In this video, we're going to look at the best way to re-enter a sit-on-top kayak in the event that you've fallen off, jumped off, or capsized. One of the huge advantages of sit-on-top kayaks over sit-inside kayaks is they're relatively easy to get back onto from the water, and they don't swamp because they have scupper holes, which are holes that go right through the kayak and let the water drain.
If your kayak is upside down to start, your first order of business is to flip it upright. Getting back onto the kayak requires a combination of technique and some power. You'll position yourself alongside the kayak just in front of the seat. With a firm grip on the edge of the kayak, let your legs float to the surface behind you, and then give a powerful kick of the legs and push with your arms to haul your chest up and onto the kayak. Once there, keep your center of gravity low, as you twist around and settle back into the seat.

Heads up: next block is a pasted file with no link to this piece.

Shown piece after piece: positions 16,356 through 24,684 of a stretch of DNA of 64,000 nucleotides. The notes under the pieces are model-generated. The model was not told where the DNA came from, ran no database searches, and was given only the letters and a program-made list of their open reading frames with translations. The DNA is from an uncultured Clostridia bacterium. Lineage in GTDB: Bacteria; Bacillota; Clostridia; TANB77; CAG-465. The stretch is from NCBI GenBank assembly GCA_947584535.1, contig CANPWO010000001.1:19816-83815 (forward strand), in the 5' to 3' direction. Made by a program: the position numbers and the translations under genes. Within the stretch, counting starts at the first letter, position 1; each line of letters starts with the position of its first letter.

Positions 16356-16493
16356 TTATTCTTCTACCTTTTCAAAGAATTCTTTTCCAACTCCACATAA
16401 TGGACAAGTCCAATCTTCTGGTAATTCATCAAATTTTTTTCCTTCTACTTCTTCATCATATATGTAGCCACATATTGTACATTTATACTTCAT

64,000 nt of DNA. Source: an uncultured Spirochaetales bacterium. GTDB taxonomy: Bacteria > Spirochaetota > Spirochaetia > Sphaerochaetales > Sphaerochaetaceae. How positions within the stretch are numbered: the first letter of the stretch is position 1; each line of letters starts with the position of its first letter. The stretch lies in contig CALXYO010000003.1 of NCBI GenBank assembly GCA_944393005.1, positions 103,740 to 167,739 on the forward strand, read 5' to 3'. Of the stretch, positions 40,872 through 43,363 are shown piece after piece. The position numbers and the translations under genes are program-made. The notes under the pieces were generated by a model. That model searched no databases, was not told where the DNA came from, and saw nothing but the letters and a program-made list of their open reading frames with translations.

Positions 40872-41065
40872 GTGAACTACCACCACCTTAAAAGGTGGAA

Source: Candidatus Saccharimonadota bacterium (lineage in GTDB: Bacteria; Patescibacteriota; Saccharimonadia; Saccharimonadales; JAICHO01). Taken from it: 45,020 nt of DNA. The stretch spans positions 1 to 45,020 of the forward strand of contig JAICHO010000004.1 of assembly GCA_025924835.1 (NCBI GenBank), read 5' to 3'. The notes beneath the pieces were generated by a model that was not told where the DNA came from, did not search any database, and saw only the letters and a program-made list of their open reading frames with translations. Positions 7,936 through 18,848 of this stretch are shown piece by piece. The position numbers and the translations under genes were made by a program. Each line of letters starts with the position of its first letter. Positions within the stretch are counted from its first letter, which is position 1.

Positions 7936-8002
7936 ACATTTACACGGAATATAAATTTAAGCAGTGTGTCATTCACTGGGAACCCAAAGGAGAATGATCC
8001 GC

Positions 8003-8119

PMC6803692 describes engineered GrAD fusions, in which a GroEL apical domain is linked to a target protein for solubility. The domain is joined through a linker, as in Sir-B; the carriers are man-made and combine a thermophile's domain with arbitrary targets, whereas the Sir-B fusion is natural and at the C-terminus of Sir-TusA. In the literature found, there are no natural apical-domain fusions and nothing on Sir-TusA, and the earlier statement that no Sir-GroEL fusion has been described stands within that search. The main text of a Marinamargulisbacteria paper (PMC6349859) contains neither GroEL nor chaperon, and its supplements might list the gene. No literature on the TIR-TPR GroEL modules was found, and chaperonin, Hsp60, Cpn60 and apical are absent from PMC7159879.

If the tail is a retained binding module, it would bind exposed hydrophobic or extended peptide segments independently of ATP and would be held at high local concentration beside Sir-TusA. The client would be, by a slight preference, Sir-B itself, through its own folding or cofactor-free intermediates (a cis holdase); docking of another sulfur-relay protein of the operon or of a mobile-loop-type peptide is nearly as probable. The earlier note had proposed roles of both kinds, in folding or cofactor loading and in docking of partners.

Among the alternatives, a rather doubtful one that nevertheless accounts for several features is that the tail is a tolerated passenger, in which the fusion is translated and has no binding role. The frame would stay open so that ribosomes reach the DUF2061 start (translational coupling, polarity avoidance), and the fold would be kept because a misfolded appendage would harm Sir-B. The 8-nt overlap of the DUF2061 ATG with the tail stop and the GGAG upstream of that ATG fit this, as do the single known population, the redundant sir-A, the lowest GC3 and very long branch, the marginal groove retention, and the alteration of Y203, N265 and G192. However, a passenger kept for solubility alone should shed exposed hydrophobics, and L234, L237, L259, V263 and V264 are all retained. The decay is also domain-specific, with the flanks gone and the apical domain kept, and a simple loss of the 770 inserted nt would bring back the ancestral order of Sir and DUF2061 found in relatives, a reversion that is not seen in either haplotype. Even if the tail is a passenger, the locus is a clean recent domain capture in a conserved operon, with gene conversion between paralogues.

To make the whole re-entry process even easier, a friend can stabilize the kayak as you get back in. To stabilize a kayak for someone, you'll position your kayak parallel to the other, get a good grip on it, and lean your body onto the other kayak. As long as you maintain a good grip on the kayak, there's virtually no chance of flipping.
So, there you have it, a quick and easy way to re-enter a sit-on-top kayak from the water.